The head of AU, Alpha Conde, said that the crisis in Zimbabwe "seems like a coup" and called on the military to halt their actions immediately. Picture: AP Photo/Julie Jacobson

Johannesburg – The African Union (AU) has used the “coup” word to describe the Zimbabwe military’s take-over of the country, despite the Zimbabwe Defence Forces (ZDF) going out of its way to say that their seizing of power was definitely not a coup but merely the “arresting of criminals” for the ultimate good of the country, Kenya’s Daily Nation reported on Thursday. 

AFP reported that the head of the AU, Alpha Conde, who is also Guinea's president, said on Wednesday that the crisis in Zimbabwe "seems like a coup" and called on the military to halt their actions immediately and restore constitutional order.

Conde further condemned the military actions in the southern African nation as "clearly soldiers trying to take power by force".

"The African Union expresses its serious concern regarding the situation unfolding in Zimbabwe," a statement sent to AFP said, expressing support for the country's "legal institutions".

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The continental body then went on to demand that "constitutional order be restored immediately and called on all stakeholders to show responsibility and restraint”.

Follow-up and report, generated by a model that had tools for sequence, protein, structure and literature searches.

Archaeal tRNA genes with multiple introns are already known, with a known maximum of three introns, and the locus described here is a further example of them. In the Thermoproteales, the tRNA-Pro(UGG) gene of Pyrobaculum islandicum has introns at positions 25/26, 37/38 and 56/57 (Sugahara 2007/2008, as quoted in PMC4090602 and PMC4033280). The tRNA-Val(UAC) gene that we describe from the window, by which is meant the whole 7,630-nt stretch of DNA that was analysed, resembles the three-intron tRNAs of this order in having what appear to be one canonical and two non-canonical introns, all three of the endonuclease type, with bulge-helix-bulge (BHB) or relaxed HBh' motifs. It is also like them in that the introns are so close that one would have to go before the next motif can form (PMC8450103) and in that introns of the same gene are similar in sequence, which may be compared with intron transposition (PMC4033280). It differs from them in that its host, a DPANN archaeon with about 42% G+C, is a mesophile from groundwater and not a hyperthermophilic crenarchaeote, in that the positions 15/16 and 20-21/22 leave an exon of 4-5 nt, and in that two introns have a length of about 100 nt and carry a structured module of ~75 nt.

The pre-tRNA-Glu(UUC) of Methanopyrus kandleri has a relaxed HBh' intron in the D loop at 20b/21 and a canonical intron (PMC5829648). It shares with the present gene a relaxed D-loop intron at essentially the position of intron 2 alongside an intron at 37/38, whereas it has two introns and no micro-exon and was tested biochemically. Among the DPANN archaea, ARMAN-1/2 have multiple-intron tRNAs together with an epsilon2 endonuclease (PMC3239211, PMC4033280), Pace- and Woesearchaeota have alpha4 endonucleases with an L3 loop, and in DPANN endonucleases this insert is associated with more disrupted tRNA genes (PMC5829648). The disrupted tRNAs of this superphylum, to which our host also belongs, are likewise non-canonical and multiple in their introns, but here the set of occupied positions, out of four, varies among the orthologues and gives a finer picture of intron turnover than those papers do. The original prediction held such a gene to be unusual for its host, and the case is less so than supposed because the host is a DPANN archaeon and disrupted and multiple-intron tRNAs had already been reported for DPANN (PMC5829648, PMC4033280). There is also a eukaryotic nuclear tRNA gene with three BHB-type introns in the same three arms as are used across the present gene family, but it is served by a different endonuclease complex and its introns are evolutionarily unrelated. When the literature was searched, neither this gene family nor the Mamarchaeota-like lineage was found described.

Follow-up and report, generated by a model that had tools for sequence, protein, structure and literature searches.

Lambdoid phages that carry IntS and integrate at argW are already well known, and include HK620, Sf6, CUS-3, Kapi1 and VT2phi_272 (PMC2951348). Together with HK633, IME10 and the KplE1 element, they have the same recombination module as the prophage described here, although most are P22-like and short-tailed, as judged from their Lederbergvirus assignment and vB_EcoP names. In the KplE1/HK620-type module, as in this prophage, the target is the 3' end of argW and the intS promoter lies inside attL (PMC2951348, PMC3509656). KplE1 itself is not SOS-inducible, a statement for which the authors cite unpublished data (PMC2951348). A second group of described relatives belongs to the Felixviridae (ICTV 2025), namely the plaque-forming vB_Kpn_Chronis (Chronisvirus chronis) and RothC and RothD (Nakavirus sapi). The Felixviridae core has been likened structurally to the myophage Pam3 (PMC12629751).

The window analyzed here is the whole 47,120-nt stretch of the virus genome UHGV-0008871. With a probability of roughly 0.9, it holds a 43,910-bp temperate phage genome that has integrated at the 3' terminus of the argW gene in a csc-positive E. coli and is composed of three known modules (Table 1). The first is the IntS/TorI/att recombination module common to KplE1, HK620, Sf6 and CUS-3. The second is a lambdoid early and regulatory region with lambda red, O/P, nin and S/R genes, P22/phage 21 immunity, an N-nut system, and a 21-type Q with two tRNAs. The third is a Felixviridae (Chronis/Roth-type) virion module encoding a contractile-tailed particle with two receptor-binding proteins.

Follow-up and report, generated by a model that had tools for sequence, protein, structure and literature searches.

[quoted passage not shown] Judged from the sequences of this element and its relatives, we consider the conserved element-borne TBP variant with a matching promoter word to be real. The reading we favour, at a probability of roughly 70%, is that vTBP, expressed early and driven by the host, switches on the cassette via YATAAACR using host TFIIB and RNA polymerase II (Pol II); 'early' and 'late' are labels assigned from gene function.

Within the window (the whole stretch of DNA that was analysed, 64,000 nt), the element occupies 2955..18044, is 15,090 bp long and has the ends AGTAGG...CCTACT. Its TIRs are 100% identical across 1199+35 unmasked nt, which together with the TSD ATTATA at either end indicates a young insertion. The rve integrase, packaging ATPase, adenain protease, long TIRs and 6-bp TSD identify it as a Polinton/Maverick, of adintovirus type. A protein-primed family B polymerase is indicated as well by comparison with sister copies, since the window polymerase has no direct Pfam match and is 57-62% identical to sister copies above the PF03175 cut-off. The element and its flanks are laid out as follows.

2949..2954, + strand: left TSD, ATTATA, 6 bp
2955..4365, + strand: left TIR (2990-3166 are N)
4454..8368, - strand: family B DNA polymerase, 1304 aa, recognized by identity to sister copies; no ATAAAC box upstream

Derek Matyszak, a senior researcher at the Institute for Security Studies (ISS) in Zimbabwe, said there were good reasons the Zimbabwe military desperately wanted to downplay the possibility that they had carried out a coup.

“They knew that if what they are doing is interpreted as a coup, the regional and international communities would not accept this and that the AU would be against it,” Matyszak told the African News Agency (ANA).

Although Africa has a history of coups, with the exception of Lesotho, southern Africa has not been plagued by them.

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“That’s why they are arguing that their actions merely constitute security measures such as arresting counter-revolutionary elements and once this is complete they will go back to their barracks and hand control back to the government.

“But as the saying goes if it looks like a duck, walks like a duck and quacks like a duck then it probably is a duck. Furthermore, the Zimbabwean military has used coup-like language,” added Matyszak.
 
Meanwhile, the UN Secretary-General Antonio Guterres has called on all sides in Zimbabwe to show "restraint". 

His spokesperson Farhan Haq said the secretary-general was monitoring the situation and was calling for calm and no violence.

Guterres added that resolving the political crisis through peaceful means and dialogue in line with the country’s constitution was the way to go.

The UN chief noted that the Southern African Development Community (SADC) was making efforts to end the crisis.